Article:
Who can use bridleways? l Employment contracts l Riding on common land l Who’s liable after an accident? l What to wear out hacking l Riding two abreast on the road
What’s the law regarding off-road vehicles and bridleways? I seem to see so many 4x4s and motorbikes on a local track at the moment! Angela Bates, Lancashire
On a bridleway, you are allowed to ride or lead a horse. Walkers and cyclists are also allowed to use bridleways, but cyclists must give way to horses, riders and walkers. Restricted bridleways can be used by all nonmechanically propelled traffic, such as a horse-drawn carriage. It’s an offence to drive a mechanically powered or motorised vehicle, such as a quad or scrambler bike, on a bridleway or restricted bridleway. It doesn’t matter if the driver has a valid driving licence and insurance — driving on a bridleway is still illegal.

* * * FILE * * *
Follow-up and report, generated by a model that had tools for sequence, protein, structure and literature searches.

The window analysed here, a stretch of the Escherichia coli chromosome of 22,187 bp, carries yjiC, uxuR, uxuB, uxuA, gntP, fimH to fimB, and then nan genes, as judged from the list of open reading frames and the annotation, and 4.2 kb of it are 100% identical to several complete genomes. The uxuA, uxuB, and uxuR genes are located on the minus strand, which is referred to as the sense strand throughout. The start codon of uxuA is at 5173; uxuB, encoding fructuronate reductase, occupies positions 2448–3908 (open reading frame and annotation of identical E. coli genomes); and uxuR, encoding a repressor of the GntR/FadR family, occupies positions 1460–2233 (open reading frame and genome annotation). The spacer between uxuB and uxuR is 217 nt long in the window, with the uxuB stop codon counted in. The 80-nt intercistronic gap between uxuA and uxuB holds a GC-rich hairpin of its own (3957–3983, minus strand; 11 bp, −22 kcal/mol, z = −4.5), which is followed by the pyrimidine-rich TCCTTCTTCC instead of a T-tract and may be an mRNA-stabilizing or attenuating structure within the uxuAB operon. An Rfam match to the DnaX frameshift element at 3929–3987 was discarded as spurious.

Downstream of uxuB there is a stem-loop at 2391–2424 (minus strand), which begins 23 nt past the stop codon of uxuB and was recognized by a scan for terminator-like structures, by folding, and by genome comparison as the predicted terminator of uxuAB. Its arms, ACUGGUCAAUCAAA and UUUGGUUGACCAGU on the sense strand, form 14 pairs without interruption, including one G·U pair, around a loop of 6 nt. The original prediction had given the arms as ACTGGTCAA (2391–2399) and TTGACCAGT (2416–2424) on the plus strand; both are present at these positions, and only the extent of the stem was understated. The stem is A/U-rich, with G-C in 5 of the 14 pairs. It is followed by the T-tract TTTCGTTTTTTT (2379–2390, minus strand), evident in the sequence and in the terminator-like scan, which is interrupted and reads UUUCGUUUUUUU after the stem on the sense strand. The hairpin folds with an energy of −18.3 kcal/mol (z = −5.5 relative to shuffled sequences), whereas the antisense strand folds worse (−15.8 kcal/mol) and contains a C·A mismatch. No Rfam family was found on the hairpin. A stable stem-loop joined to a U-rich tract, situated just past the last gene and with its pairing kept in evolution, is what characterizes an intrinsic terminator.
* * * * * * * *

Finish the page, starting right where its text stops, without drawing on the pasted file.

Meeting illegal traffic
Firstly, your horse and your own safety should come first. Don’t do anything that would put you or your horse in danger — and I would not recommend challenging the driver. If you feel threatened, phone the police using 999 and report the driver as soon as possible. If it’s safe to do so, take a photo of the off-road vehicle or try to make a note (mental or written) of: The make, model and colour of the off-road vehicle The registration number (if there is one) and any distinguishing features The approximate time and location of the incident A description of the driver and what they were wearing As soon as it’s safe to do so, contact your local police station (ring 101) to report the incident. If the driver on a bridleway is caught in the act by police and warned to stop their antisocial conduct and they don’t, then their vehicle can be seized by the police. Drivers are liable to be prosecuted for driving vehicles dangerously or carelessly on a bridleway or road, and may be fined.